My Brother Half Angel thrillers are based on current events, so it is little wonder that, now and again, some particular news item seems to be lifted straight from one of my books.
It has just happened again, with news that rioting at a soccer match in Egypt has led to the death of around 25 fans from the Zamalek club.
Soccer club supporters were involved – often quite murderously – in the Arab Spring demonstrations and in the ouster of President Hosni Mubarak.
In my novel “The Coptic Martyr of Cairo“ I featured a violent soccer club fan as one of the main villains. Here is an excerpt –
But still, it was summer and he was bored. It wasn’t just the intense heat. It was the lack of soccer. Here in Egypt he followed Al Ahly, the country’s top team, and was a member of the Ultras, their fanatical supporters. The Ultras specialized in beating up the supporters of their opponents. Mohamed was just thirteen when he and his friends began traveling down to Cairo to watch Al Ahly games. The best were always those against their hated Cairo rivals Zamalek, when the taunts and provocations of players and supporters alike usually turned the pitch into a war zone. In fact, the Egyptian soccer authorities often imported foreign umpires just for this game, such were the passions on and off the field. Just as enjoyable – and bloody – were the matches between the Egyptian national team and their hated rivals the Algerians.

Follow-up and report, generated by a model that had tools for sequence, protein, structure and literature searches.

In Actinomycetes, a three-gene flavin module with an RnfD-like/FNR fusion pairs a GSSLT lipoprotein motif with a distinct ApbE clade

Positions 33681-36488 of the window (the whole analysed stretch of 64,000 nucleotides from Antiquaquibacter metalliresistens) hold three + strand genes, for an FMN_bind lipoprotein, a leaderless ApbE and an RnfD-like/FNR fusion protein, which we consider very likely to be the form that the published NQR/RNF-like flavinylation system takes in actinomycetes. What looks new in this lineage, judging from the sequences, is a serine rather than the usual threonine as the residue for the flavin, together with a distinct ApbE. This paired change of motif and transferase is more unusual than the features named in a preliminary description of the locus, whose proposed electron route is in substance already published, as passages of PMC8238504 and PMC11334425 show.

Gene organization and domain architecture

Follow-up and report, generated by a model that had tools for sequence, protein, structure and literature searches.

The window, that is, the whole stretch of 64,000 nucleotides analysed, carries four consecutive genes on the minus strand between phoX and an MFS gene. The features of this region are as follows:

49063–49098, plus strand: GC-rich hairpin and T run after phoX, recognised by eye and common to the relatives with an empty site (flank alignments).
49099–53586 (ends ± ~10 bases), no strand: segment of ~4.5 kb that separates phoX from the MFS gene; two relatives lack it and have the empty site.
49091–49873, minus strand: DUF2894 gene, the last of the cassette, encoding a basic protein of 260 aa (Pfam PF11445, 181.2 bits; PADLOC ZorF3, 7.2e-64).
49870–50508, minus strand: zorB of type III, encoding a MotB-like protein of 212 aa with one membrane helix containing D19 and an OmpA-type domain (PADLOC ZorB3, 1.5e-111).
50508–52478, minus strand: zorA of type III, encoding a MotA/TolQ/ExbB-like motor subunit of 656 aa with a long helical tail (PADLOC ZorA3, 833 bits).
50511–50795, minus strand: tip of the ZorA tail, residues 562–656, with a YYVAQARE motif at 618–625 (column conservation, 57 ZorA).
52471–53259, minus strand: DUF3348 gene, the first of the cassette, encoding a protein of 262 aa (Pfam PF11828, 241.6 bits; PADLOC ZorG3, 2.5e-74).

It was their fighting prowess that led the Muslim Brotherhood to recruit the Ultras when the Arab Spring uprisings began. Mohamed had been on the front lines in Tahrir Square, braving the tear gas and the bullets, along with the other Ultras, fighting for an end to the hated Mubarak regime. He had little doubt that it was the muscle of the Ultras, not the weak-kneed protests of the democracy advocates, that had brought down the government.